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British Columbia Premier John Horgan and Minister of Environment and Climate Change George Heyman speak to the media regarding the federal government's decision to go ahead with the Trans-Mountain pipeline expansion during a news conference in Vancouver on Tuesday June 18, 2019.

JONATHAN HAYWARD/The Canadian Press

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Hypocrisy to Spare on Canada’s climate files

The House of Commons declares that “climate change is a real and urgent crisis, driven by human activity” and that “Canada is in a national climate emergency.” The very next day, the government approves expanding the Trans-Mountain pipeline (a clear conflict of interest, since it owns it!), thus helping to further increase Canada’s carbon emissions.

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Meanwhile, B.C.’s NDP government opposes the pipeline, while granting billions of dollars in tax breaks and incentives to expand LNG. Not to be outdone, federal and provincial Conservatives say they want to act on climate change but oppose – and where they can, scrap – carbon taxes, one of the most effective approaches to reducing emissions.

Rather than declare a climate emergency, the House of Commons should declare a climate-hypocrisy emergency.

Trevor Hancock, Victoria

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While I am a strong proponent of sustainability, and very aware of the need for the world to reduce carbon emissions in the interest of saving the planet, the reality is that, pipeline or no pipeline …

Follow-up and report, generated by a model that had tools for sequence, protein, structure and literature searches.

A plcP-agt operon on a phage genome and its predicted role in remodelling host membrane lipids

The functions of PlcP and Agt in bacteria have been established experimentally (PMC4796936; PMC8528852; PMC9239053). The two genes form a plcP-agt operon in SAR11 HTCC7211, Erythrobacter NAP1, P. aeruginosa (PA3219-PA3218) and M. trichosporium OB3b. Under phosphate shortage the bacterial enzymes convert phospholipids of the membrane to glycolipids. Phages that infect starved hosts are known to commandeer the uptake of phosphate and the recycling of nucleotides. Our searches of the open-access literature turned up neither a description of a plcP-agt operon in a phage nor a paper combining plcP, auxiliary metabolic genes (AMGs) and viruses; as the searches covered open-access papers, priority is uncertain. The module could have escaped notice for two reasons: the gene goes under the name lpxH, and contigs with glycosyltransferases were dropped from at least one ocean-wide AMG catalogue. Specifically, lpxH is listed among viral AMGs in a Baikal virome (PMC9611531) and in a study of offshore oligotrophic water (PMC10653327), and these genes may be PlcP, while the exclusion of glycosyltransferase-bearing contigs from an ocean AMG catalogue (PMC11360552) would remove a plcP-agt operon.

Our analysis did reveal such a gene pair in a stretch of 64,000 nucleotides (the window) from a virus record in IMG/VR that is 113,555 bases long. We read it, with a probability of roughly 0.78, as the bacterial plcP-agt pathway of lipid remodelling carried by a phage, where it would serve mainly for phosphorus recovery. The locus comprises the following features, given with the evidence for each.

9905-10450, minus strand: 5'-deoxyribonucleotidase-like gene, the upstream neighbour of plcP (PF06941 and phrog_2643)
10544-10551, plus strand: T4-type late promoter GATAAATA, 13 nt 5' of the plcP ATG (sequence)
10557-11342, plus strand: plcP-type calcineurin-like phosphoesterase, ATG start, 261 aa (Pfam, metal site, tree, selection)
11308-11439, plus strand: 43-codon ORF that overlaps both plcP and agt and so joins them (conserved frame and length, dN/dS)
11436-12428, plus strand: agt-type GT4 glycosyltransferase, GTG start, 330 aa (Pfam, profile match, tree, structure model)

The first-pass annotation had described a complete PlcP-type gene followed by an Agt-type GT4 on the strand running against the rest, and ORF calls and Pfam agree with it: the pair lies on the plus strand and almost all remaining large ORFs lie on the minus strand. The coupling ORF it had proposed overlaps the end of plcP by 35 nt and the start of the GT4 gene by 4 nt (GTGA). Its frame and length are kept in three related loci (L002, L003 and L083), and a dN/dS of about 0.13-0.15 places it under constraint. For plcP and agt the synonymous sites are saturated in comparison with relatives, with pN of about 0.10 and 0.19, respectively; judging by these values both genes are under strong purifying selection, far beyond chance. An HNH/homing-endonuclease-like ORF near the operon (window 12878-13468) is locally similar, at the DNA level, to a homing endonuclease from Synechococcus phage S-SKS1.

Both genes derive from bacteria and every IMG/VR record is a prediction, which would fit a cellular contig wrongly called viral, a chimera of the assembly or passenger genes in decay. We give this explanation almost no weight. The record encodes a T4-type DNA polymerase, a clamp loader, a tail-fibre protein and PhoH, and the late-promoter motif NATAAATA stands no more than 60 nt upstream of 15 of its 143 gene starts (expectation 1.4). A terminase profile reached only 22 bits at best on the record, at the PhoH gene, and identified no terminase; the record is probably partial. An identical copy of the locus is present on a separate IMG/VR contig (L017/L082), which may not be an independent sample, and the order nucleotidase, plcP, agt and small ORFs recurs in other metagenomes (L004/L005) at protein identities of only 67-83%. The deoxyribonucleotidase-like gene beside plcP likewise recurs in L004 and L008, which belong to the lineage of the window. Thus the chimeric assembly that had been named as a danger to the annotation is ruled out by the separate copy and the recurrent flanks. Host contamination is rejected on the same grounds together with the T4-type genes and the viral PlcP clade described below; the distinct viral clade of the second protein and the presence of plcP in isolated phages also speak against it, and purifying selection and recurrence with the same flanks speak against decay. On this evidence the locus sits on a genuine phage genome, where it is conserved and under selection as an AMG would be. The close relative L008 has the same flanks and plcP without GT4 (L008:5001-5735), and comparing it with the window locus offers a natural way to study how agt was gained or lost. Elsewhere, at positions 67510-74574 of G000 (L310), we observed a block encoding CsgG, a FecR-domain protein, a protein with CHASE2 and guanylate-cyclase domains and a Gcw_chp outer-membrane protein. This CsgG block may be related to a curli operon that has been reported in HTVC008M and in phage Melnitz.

1) The global consumption of oil (wherever the source) is not going to change in the near term;

2) Transport of Alberta oil by rail is potentially far more dangerous than by pipeline;

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3) A viable, competitive Alberta oil industry is important to the Canadian economy.

And – just a guess – a Conservative government in Ottawa would approve pipeline construction in a heartbeat, while reducing/eliminating federal carbon taxes.

Bruce Walker, Oakville, Ont.

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Preston Manning suggests an economic assessment of major energy projects (Pipeline Pain Vs. Gain – letters, June 20).

Many observers of Canada’s review and approval processes for large energy projects would welcome the incorporation of economic viability evaluations into the review process – particularly in a carbon-constrained world.

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Such a requirement would almost certainly have been appreciated by the residents of B.C. and Newfoundland and Labrador regarding the Site C and Muskrat Falls projects respectively, as Canadians in both provinces will be haunted by the projects’ unassessed economic consequences for decades.

A similar review of the Trans-Mountain expansion project would have yielded equally illuminating results.

Mark S. Winfield, co-chair, Sustainable Energy Initiative, Faculty of Environmental Studies, York University

Influencing the elephant

Re Our Prime Ministers Have A Long History Of Setting The U.S. Straight (June 19): Kudos to Lawrence Martin for reminding us that, whatever their partisan imperatives, our leaders have consistently sought to do what they felt best served the interests of Canada. We’re constantly bombarded by the gloomy prognostications of political pundits, as well as the biased stink bombs lobbed by social media zealots. So, it’s nice to recall that our PMs (whatever their party colours) have done a rather admirable job of maintaining the country’s integrity in the face of often-aggressive agendas laid out by the behemoth nation on our southern doorstep.

Gary Schlee, author, Unknown and Unforgettable: A Guide to Canada’s Prime Ministers; Toronto